Former Polish president, Solidarity leader Walesa has COVID

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WARSAW, Jan 21 (Reuters) - Lech Walesa, the former Polish president and Solidarity trade union leader who played a leading role in the fall of Communism, has the coronavirus, he said on Friday.

Originally a shipyard electrician in the northern port city of Gdansk, Walesa became a symbol of the historic changes that ended the Cold War, leading the Solidarity trade union movement which brought about the switch to a free-market economy in 1989.

"I can't believe it ... I am infected," the 78-year-old Nobel Peace Prize laureate wrote on Facebook.

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Walesa said he had received three doses of COVID-19 vaccine, but that despite this he was feeling very ill, suffering from a headache and unable to warm up his body.

"I feel my flesh tearing away from the bone... I can't feel my own body," he wrote.

Walesa's spokesman said he was at home. He said the former president had been at his office earlier in the day but took a COVID-19 test after feeling unwell.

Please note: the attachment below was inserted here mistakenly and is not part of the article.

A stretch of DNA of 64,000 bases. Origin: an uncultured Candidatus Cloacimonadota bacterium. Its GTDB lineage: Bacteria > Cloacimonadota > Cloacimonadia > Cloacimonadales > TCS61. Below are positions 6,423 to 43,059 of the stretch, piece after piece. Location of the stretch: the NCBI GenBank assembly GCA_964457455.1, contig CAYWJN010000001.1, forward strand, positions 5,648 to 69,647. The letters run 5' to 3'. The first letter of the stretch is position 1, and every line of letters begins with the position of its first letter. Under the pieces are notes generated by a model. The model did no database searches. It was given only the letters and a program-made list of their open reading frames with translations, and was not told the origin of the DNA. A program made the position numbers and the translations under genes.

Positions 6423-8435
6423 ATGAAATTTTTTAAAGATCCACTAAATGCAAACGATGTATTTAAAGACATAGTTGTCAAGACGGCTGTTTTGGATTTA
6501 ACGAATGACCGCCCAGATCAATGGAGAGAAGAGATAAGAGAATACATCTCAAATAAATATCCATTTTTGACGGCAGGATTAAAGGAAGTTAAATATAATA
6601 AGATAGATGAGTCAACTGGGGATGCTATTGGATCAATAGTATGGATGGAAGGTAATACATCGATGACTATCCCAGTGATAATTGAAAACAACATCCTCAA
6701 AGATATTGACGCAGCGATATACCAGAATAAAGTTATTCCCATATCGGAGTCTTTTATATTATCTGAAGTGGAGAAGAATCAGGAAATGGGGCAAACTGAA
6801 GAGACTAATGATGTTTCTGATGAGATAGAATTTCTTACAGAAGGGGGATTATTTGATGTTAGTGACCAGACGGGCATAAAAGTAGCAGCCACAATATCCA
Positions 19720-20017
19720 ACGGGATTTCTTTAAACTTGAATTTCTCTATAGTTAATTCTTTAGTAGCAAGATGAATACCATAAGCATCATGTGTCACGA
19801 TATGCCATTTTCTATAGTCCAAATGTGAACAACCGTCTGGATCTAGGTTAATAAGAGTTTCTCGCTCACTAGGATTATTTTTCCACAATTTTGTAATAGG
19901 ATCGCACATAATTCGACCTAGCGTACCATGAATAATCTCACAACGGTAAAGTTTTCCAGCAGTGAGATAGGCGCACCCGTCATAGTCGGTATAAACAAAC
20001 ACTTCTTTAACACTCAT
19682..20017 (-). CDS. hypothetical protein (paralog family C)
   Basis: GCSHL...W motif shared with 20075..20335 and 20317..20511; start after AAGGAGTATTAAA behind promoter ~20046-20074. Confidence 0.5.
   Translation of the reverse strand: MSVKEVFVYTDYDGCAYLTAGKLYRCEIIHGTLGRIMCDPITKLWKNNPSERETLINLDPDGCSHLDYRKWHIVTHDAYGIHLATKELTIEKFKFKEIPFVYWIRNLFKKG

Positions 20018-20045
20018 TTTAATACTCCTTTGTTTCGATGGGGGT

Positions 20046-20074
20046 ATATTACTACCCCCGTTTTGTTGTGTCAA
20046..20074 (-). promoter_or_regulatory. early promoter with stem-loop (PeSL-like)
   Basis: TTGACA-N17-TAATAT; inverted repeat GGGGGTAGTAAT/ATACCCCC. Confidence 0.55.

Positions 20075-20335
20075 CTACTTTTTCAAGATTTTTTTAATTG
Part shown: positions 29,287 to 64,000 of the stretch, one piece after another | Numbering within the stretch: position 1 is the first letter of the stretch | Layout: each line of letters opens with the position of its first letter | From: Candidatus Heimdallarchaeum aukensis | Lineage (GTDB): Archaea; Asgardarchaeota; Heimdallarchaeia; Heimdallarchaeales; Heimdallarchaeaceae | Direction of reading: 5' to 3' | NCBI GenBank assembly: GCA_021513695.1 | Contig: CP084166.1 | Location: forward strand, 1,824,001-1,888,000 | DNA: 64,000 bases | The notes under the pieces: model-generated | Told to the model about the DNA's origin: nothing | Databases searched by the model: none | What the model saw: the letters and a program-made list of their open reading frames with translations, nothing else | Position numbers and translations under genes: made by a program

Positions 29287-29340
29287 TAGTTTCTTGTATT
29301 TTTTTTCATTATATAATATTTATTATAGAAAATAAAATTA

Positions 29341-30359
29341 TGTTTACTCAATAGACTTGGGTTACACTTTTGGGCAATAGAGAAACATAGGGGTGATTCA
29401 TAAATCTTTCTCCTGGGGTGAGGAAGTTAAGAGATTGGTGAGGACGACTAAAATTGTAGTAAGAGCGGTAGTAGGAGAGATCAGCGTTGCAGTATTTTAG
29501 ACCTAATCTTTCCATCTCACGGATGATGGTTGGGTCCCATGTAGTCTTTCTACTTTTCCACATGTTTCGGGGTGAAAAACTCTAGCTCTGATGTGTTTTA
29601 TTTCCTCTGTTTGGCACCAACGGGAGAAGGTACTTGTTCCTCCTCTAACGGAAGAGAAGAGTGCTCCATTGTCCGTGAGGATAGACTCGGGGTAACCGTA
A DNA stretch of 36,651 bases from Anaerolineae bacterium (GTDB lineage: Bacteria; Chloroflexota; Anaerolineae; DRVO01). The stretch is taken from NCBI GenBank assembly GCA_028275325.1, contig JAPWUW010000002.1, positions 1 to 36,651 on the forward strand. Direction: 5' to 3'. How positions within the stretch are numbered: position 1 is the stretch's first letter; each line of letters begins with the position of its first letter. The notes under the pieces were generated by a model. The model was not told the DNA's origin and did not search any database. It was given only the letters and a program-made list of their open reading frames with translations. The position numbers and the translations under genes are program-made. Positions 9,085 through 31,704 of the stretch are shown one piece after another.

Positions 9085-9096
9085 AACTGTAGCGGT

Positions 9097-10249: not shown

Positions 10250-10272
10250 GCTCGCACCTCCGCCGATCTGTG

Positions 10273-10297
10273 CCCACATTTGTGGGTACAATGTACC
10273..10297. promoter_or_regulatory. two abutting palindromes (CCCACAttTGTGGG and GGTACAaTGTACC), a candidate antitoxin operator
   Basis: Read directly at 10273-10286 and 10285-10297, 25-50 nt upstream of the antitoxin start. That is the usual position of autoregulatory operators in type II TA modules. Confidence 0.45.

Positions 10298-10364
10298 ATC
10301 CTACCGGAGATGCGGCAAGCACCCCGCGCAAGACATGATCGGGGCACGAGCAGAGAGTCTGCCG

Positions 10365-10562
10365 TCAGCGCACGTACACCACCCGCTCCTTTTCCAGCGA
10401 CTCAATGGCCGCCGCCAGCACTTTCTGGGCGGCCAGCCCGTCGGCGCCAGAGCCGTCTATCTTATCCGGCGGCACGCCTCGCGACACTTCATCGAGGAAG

Walesa has suffered from ill health in recent years and underwent a heart operation in 2021.

He served as president from 1990 to 1995, the first leader of post-Communist Poland.

In recent years he was a staunch critic of Poland's ruling nationalists Law and Justice (PiS), who in turn have been deeply critical of the transition from Communism to a free-market economy that Walesa led.

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Reporting by Alan Charlish, Anna Koper, Pawel Florkiewicz; Editing by Philippa Fletcher, Alison Williams and Jonathan Oatis

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